There is apparently a paper from a couple of years ago that is currently doing the rounds and that argues that the Molar Mass Version of the Ideal Gas Law Points to a Very Low Climate Sensitivity. The suggestion is that it is difficult to determine the surface atmospheric temperature but that it can be done with
a gas constant and the knowledge of only three gas parameters; the average near-surface atmospheric pressure, the average near surface atmospheric density and the average mean molar mass of the near-surface atmosphere.
and, given this, no one gas has an anomalous effect on atmospheric temperatures that is significantly more than any other gas and there can be no 33°C ‘greenhouse effect’ on Earth, or any significant ‘greenhouse effect’ on any other planetary body with an atmosphere of >10kPa.
The problem is that the method the paper is applying is the ideal gas law. It’s simply a relationship between pressure, density, temperature and molar mass that essentially applies anywhere in an Earth-like planet’s atmosphere. It’s a truism; if you know the values for three of these terms, then you can determine the fourth. It doesn’t tell you anything about why these terms have these values. That you can use it to determine the surface atmospheric temperature from the density, pressure and molar mass doesn’t imply that there is no greenhouse effect, because the greenhouse effect doesn’t imply that the Earth’s atmosphere would no longer satisfy the ideal gas law.
In the case of an Earth-like planet’s atmosphere, the surface atmospheric pressure is essentially the weight of the atmospheric column; this is fixed. The molar mass depends on the composition, so is also fixed. The only two that can vary are the density and temperature. So, should we regard the temperature as depending on the density, or the density as depending on the temperature? The ideal gas law – by itself – can’t tell us, but we can consider other physics.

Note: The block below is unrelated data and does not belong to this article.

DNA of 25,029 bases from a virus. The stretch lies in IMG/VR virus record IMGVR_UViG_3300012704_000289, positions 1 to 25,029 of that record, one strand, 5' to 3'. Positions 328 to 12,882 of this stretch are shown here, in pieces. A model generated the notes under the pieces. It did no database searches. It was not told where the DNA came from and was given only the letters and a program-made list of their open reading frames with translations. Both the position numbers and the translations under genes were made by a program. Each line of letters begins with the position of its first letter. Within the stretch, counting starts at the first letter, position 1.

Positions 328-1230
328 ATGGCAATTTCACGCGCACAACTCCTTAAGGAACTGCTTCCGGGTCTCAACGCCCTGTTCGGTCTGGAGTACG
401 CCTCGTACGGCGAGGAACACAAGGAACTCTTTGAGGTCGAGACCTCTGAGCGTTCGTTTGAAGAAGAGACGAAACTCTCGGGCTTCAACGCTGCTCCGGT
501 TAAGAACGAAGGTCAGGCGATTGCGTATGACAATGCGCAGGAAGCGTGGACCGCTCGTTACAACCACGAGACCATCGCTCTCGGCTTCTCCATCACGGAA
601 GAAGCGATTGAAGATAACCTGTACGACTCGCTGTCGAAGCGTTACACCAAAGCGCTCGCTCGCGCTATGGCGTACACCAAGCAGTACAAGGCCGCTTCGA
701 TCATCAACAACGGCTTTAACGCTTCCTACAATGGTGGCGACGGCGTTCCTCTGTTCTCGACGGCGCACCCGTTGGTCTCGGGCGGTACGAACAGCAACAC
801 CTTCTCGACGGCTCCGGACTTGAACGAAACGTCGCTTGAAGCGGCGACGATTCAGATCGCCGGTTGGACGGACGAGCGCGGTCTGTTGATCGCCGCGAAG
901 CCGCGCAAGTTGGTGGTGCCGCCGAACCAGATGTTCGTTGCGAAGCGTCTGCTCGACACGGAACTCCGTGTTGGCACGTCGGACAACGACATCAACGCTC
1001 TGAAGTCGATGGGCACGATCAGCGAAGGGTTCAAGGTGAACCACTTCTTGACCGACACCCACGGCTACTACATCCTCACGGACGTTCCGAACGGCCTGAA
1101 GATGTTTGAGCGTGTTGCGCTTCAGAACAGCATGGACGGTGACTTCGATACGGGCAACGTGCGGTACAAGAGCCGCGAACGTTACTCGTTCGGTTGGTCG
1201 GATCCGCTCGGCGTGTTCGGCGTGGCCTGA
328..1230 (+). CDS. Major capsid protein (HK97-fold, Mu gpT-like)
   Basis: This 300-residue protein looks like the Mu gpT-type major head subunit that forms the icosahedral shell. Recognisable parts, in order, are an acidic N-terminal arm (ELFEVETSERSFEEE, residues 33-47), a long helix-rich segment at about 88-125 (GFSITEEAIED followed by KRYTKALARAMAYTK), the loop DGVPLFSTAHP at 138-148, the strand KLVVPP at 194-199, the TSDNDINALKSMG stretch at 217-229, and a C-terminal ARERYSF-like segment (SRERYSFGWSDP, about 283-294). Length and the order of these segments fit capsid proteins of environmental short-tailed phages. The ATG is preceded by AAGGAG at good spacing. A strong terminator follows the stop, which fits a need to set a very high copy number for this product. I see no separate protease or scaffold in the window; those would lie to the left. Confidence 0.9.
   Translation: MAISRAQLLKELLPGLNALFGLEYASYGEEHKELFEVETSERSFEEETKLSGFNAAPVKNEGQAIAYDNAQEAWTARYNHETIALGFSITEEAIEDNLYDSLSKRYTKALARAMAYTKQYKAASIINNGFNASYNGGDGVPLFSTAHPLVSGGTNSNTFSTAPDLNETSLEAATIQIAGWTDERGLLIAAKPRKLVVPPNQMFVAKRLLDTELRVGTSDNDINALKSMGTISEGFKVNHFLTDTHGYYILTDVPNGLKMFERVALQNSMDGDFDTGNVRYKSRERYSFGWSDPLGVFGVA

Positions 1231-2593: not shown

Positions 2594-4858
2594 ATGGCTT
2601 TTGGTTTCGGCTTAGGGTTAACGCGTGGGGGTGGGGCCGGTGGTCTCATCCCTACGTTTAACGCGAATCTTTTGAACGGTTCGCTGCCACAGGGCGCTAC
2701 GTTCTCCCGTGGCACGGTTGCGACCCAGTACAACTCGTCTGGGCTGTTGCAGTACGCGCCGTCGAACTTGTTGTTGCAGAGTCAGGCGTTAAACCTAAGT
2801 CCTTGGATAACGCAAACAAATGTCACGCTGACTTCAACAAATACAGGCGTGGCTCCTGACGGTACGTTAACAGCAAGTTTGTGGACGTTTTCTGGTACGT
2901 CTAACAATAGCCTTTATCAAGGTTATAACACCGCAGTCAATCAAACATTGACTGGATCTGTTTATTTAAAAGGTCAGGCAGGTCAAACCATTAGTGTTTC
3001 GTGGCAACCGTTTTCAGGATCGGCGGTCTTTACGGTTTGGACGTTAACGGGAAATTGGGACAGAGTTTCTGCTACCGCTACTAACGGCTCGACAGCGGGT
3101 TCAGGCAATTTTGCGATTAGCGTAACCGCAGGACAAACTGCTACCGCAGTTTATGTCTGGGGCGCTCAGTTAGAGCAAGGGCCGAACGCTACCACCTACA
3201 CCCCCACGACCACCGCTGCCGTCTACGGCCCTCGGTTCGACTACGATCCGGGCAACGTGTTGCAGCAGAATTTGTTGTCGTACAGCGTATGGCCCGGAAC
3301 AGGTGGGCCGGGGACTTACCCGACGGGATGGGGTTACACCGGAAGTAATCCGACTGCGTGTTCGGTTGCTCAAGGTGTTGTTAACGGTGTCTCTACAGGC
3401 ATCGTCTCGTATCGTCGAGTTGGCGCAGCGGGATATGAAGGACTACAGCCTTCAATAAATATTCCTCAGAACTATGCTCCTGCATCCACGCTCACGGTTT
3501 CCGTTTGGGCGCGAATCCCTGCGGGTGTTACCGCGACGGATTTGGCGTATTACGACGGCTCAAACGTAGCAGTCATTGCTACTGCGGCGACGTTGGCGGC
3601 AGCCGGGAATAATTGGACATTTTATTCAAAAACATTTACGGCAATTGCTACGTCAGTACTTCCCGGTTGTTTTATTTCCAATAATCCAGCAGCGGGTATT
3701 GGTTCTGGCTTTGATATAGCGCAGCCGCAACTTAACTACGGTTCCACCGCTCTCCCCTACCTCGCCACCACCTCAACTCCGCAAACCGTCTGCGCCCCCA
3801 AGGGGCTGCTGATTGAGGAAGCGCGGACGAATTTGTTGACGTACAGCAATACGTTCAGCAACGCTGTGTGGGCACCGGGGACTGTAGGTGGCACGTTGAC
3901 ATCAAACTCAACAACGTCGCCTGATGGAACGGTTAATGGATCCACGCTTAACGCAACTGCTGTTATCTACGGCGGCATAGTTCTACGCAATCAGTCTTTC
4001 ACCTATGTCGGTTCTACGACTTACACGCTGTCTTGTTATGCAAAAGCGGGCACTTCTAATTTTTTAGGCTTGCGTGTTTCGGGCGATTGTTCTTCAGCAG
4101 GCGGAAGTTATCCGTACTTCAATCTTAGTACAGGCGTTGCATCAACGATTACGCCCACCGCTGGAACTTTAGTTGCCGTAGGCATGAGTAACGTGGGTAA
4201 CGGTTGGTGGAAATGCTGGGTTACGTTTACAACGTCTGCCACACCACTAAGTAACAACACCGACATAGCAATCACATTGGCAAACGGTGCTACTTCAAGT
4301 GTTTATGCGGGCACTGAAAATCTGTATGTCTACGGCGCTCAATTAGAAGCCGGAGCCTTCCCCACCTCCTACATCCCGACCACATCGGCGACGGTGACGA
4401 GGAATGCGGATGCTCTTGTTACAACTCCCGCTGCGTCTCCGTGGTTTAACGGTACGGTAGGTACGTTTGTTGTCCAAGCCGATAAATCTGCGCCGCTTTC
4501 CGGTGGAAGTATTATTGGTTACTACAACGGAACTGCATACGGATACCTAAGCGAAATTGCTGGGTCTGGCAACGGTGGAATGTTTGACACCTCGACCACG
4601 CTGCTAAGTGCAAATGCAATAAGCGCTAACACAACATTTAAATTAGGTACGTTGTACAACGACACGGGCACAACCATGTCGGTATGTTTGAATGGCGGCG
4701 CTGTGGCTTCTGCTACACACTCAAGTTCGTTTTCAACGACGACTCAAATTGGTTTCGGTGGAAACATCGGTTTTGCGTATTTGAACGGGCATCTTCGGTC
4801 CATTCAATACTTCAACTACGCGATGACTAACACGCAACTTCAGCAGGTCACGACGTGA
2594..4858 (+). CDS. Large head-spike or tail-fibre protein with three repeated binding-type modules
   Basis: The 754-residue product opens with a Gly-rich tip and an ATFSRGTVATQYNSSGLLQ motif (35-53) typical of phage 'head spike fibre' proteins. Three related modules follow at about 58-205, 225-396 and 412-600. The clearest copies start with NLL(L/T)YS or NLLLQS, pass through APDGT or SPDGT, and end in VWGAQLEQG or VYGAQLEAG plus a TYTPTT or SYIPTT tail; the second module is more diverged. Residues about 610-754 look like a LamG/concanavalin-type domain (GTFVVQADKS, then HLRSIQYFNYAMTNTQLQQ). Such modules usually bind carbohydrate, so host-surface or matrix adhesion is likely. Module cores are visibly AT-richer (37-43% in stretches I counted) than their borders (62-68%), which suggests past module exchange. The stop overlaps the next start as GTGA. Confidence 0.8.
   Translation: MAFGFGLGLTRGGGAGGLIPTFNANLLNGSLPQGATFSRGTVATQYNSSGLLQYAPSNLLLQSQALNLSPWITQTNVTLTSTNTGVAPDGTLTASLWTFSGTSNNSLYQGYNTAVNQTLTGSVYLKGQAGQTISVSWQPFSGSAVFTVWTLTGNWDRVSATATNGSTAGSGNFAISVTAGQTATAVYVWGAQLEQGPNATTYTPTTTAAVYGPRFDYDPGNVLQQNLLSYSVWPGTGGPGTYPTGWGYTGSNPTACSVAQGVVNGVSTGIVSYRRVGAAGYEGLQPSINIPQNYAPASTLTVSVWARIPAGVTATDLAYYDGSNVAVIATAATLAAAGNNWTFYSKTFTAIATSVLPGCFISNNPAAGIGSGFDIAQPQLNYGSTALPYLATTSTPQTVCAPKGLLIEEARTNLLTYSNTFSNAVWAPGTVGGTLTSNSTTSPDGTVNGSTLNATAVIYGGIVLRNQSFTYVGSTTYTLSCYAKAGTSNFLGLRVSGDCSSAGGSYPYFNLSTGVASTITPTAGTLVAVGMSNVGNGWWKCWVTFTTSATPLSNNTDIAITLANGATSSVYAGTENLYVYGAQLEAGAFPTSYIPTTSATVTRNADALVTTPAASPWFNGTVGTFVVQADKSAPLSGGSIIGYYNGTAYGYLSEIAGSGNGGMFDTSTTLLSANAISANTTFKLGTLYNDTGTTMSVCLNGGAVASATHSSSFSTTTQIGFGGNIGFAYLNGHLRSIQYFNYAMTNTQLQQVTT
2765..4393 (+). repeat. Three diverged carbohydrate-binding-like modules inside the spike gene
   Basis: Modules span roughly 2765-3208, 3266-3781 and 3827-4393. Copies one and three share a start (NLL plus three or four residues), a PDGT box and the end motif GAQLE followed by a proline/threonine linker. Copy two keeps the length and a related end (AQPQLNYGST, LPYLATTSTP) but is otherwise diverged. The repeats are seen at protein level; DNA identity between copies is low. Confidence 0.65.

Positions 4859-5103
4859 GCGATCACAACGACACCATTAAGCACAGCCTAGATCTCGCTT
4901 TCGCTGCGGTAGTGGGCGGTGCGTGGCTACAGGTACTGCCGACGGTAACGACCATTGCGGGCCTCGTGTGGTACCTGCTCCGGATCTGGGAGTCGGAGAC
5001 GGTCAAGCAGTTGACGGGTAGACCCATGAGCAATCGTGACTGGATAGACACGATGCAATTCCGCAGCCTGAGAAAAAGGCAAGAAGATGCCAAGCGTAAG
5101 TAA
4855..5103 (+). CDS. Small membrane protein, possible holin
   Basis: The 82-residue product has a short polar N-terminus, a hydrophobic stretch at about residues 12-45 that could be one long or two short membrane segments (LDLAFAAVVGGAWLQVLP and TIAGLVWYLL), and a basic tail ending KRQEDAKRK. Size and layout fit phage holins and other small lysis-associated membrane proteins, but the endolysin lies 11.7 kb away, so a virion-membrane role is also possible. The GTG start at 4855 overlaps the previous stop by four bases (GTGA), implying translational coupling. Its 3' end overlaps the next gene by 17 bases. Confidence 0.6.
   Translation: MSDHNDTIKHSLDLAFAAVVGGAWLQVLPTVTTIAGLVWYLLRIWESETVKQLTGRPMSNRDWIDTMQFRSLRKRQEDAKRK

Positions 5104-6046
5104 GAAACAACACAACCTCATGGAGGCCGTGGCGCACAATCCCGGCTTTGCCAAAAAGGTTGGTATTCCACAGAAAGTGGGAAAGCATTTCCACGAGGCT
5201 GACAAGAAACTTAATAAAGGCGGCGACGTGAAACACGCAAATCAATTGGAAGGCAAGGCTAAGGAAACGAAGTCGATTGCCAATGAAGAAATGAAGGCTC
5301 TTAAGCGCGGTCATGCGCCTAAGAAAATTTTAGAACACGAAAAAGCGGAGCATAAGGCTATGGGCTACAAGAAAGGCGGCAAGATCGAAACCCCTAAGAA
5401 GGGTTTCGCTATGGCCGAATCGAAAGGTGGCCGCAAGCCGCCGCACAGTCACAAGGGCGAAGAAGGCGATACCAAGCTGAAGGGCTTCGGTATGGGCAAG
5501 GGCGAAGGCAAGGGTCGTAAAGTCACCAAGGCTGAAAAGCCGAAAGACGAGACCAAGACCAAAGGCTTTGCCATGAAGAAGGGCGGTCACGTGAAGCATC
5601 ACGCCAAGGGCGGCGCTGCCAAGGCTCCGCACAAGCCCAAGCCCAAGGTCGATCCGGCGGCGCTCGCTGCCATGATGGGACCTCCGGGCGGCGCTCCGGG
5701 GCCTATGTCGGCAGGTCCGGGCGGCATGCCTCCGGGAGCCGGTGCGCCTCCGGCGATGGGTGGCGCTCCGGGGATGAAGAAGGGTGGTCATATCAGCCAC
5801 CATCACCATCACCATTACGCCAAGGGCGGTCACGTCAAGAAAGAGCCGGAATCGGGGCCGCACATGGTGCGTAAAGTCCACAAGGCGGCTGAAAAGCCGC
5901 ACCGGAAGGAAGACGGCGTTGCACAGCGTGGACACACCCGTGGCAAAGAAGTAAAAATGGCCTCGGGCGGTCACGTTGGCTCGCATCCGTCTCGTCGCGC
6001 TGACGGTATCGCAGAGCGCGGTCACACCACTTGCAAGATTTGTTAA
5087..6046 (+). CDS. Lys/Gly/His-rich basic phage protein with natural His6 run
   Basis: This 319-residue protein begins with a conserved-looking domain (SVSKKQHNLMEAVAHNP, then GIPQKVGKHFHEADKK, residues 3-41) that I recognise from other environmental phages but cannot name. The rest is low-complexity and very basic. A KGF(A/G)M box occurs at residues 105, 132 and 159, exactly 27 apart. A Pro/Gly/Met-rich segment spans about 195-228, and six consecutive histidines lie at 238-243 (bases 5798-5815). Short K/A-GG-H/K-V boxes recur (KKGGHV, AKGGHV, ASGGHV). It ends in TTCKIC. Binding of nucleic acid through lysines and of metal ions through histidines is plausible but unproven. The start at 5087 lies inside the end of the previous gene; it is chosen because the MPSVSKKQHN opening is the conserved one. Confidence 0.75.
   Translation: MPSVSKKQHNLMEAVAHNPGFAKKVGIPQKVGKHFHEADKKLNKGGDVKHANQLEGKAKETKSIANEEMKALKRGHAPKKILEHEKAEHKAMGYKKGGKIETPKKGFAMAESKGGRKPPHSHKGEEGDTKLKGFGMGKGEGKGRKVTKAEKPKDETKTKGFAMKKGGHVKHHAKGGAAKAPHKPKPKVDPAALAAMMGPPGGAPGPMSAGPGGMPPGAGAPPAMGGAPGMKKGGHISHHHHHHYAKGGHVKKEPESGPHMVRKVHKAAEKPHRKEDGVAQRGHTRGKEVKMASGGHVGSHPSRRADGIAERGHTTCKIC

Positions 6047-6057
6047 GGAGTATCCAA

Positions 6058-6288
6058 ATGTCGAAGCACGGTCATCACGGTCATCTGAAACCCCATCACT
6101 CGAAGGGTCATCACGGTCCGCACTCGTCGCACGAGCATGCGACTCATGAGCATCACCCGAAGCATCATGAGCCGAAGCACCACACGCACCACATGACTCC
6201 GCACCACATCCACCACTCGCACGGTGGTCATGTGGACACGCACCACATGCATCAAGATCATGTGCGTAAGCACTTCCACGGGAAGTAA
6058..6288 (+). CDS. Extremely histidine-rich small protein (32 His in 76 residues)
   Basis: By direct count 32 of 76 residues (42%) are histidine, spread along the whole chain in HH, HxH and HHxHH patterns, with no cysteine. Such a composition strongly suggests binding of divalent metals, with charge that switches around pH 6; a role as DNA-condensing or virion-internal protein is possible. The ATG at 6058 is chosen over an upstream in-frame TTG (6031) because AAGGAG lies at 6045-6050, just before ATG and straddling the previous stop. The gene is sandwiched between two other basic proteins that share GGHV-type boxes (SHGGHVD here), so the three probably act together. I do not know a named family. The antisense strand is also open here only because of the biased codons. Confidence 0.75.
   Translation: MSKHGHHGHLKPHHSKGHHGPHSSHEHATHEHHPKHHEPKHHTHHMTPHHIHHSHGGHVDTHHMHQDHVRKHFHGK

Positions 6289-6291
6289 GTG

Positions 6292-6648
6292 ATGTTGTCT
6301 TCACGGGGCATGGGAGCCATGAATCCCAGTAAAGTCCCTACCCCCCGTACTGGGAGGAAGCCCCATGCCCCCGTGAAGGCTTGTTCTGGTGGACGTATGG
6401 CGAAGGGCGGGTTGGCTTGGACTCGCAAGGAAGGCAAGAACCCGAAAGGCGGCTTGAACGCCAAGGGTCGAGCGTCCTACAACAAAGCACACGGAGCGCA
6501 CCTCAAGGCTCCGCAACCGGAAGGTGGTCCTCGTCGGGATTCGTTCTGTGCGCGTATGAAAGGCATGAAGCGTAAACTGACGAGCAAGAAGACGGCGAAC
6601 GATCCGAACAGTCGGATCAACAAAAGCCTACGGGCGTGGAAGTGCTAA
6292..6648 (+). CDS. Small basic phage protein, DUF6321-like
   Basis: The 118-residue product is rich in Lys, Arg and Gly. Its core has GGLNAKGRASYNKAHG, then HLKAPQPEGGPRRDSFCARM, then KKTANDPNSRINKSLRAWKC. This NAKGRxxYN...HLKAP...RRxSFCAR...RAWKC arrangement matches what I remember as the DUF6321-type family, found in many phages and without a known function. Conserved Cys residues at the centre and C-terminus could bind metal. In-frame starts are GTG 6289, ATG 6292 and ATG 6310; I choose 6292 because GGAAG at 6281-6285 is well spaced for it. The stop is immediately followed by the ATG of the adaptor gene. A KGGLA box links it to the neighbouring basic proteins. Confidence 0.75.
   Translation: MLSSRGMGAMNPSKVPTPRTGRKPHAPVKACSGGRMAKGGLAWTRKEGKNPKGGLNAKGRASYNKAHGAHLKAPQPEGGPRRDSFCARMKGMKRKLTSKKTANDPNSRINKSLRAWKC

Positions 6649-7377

The density profile in the atmosphere depends on the scale height, which is the vertical distance over which the density decreases by a factor of (). The scale height is set by the atmospheric temperature; if the atmospheric temperature is high, the scale height will be large, the atmosphere will extend to large heights, and the density (mass per unit volume) will be low. If the temperature is low, the scale height will be low, the atmosphere will be compressed near the surface, and the density will be high.
So, if the surface temperature is low, the atmospheric density will be high, and if the surface temperature is high, the atmospheric density will be low. This is simply a consequence of the ideal gas law; we still haven’t determined why an atmosphere has a certain set of properties. For example, why is the surface atmospheric temperature on the Earth around 288K (15oC)? Well, that’s a consequence of the greenhouse effect.
In the absence of an atmosphere, energy balance would require that surface temperature were 255K; the presence of an atmosphere enhances this by about 33K. Having done so, the atmosphere still satisfies the ideal gas law, so if you know the surface pressure, density, and molar mass, you can certainly determine the surface atmospheric temperature. This does not mean, though, that there is no greenhouse effect, or that climate sensivity is low.
I thought I would end with the relevant part of the poem that gave us the phrase a little knowledge is a dangerous thing:
A little learning is a dang’rous thing;
Drink deep, or taste not the Pierian spring:
There shallow draughts intoxicate the brain,
And drinking largely sobers us again.